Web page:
Boxing bassist

By Mike Sorenson











When James VanDemark was 14, doctors discovered an anomaly in his lower lumbar that forced the hockey-loving Minnesota native to stop playing. Coming from a family that valued music as well as athletics, VanDemark then took up the study of the double bass. Now, decades later, the New York Times has called him,“One of the most brilliant virtuosi ever to perform on the double bass.” VanDemark, the Times continued, was hailed at his Lincoln Center recital debut as “an exceptionally gifted string player and a musician of taste, intelligence and the best spontaneous musical instincts, with an unerring sense for exact intonation.”

The native of Owatonna, MN, showed an incredible musical talent, performing a solo debut with the Minnesota Orchestra just 18 months after leaving the hockey rink. Without graduating high school, his musical prowess allowed him to attend the University at Buffalo and, at age 23, he was named professor of double bass at the prestigious Eastman School of Music in Rochester. Currently, VanDemark serves as chair of the String Department at Eastman as well as the chair of the Musical Arts Major, Eastman’s interdisciplinary academic honors program. He has performed across the country and is a sought- after guest at summer music festivals.

Despite having to hang up his skates, VanDemark never gave up his interest in athletics, becoming a regular at ROC Boxing and Fitness Center in Rochester. He tries to work out at the gym at least three times a week when in town with ROC Boxing coaches Dominic Arioli and Tim Kelly, a former New York State Golden Gloves competitor. “For me it is quite transforming to go to the gym a lot. I want to be good at it, just like I would in anything I do. I first went for conditioning and fitness,” VanDemark said of his interest in boxing. As he went deeper into the movements of a boxer, he believed aspects of the sport translated to music as well. “Hitting a heavy bag or a speed bag, you need to develop a rhythm, the same as in playing a musical instrument.”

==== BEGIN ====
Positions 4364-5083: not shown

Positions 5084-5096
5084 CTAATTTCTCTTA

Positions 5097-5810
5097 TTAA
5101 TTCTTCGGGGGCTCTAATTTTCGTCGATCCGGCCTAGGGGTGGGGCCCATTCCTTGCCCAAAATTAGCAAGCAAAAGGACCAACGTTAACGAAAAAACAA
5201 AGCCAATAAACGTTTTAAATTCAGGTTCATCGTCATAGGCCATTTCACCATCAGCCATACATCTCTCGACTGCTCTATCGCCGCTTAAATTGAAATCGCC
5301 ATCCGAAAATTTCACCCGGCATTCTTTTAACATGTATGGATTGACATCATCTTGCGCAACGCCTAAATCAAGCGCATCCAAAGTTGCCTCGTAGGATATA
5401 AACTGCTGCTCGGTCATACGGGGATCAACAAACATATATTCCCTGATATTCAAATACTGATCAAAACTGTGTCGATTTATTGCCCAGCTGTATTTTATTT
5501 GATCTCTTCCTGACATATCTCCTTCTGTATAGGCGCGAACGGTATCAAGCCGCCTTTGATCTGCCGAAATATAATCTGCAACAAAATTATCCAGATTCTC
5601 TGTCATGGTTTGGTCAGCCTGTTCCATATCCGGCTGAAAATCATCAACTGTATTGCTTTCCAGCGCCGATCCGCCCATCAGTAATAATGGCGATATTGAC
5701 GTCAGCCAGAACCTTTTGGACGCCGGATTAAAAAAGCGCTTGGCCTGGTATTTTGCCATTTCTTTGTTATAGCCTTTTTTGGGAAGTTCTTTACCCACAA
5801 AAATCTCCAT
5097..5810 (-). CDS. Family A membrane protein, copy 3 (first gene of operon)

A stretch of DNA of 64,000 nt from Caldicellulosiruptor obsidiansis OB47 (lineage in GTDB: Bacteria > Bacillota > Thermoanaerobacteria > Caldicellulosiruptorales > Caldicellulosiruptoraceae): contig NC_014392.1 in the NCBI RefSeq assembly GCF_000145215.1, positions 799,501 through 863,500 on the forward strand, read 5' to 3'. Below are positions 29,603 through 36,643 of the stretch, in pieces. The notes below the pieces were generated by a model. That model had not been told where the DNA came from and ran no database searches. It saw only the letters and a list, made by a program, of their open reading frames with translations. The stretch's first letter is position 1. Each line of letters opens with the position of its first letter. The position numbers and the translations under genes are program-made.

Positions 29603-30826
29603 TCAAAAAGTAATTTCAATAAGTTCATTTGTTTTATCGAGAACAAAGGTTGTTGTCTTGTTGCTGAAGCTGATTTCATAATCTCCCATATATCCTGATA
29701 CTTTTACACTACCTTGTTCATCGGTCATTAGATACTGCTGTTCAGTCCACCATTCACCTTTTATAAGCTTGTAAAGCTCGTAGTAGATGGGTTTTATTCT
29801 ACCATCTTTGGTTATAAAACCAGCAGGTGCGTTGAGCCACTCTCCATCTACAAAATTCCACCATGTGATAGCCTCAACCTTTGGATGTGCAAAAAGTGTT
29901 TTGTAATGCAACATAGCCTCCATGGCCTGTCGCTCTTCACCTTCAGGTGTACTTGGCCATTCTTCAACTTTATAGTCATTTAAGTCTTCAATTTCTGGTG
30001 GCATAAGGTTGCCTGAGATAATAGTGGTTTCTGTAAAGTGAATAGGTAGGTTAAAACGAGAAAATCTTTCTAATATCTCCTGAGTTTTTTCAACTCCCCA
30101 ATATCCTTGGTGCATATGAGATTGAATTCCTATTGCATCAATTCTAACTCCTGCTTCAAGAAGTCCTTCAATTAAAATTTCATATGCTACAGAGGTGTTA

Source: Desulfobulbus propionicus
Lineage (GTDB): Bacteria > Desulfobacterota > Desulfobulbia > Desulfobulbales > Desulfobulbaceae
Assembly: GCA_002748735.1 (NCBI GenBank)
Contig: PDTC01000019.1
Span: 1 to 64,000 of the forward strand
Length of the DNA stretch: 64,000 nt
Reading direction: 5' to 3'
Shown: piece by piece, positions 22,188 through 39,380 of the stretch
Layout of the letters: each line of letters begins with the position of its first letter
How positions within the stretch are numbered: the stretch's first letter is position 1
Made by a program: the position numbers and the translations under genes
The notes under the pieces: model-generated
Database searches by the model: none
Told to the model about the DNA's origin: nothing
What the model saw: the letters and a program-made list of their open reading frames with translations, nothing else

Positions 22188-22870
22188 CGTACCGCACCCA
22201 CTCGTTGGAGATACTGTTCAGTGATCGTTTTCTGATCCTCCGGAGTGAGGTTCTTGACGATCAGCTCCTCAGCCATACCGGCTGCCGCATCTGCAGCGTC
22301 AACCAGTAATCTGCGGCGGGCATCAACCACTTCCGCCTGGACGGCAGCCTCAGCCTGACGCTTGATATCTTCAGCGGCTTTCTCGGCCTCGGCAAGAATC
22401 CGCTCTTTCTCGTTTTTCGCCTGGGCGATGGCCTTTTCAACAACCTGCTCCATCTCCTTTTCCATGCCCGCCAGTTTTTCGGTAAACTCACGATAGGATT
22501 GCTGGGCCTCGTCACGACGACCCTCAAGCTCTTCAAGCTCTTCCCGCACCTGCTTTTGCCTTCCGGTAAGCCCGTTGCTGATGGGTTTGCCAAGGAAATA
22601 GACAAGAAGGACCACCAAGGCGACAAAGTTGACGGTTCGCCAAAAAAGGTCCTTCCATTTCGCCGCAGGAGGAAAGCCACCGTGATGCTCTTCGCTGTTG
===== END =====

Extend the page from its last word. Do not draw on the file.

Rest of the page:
For a man who makes his living with his hands playing and teaching the double bass, VanDemark said “I have never had a fear of injuring my hands. It’s all in the wrapping.” Enjoying the physical conditioning aspects of shadow boxing, sparring and training as a boxer, and discovering the crossover benefits of the sport to music, VanDemark decided to introduce some of his students to the boxing gym.

“Music students spend most of their time in the rehearsal studio,” VanDemark explained. Seeing the need to give his students a break from their musical routine, he brought his idea for boxing workouts for musicians to Arioli. “We started with three females about three years ago.” The women found that punching in rhythm at a basic level translated at a high level to their music, he stated.

Kelly, one of VanDemark’s trainers at ROC Boxing, was asked about having a 62-year-old boxing student. “James is looking to be consistent in his boxing,” Kelly said. “He is very structured and will do anything I ask him to do. He knows what he can and cannot do, and James wants to keep excelling, he wants to keep improving; for his health, his skill and his knowledge. James is an inspiration to me.”

In 2011, about 20 music students joined VanDemark’s initial program at ROC boxing, located less than two miles from the Eastman campus. Collectively, the students reported improved posture and cardiovascular fitness, which proved beneficial to playing long, demanding passages that require equal parts precision, dexterity and power. Many of the bassists also noted a decrease in their level of stress, something that every college student and musician alike can appreciate.

Despite all the coverage VanDemark has received from sources as varied as the Wall Street Journal and ESPN, perhaps the best summary of what boxing can offer bass students comes from Andrew O’Conor, then a senior, talking about his experience in the Campus Times, the Newspaper of the University of Rochester: “Performing is very nerve-wracking because everyone’s staring at you. But so is someone punching you in the face.”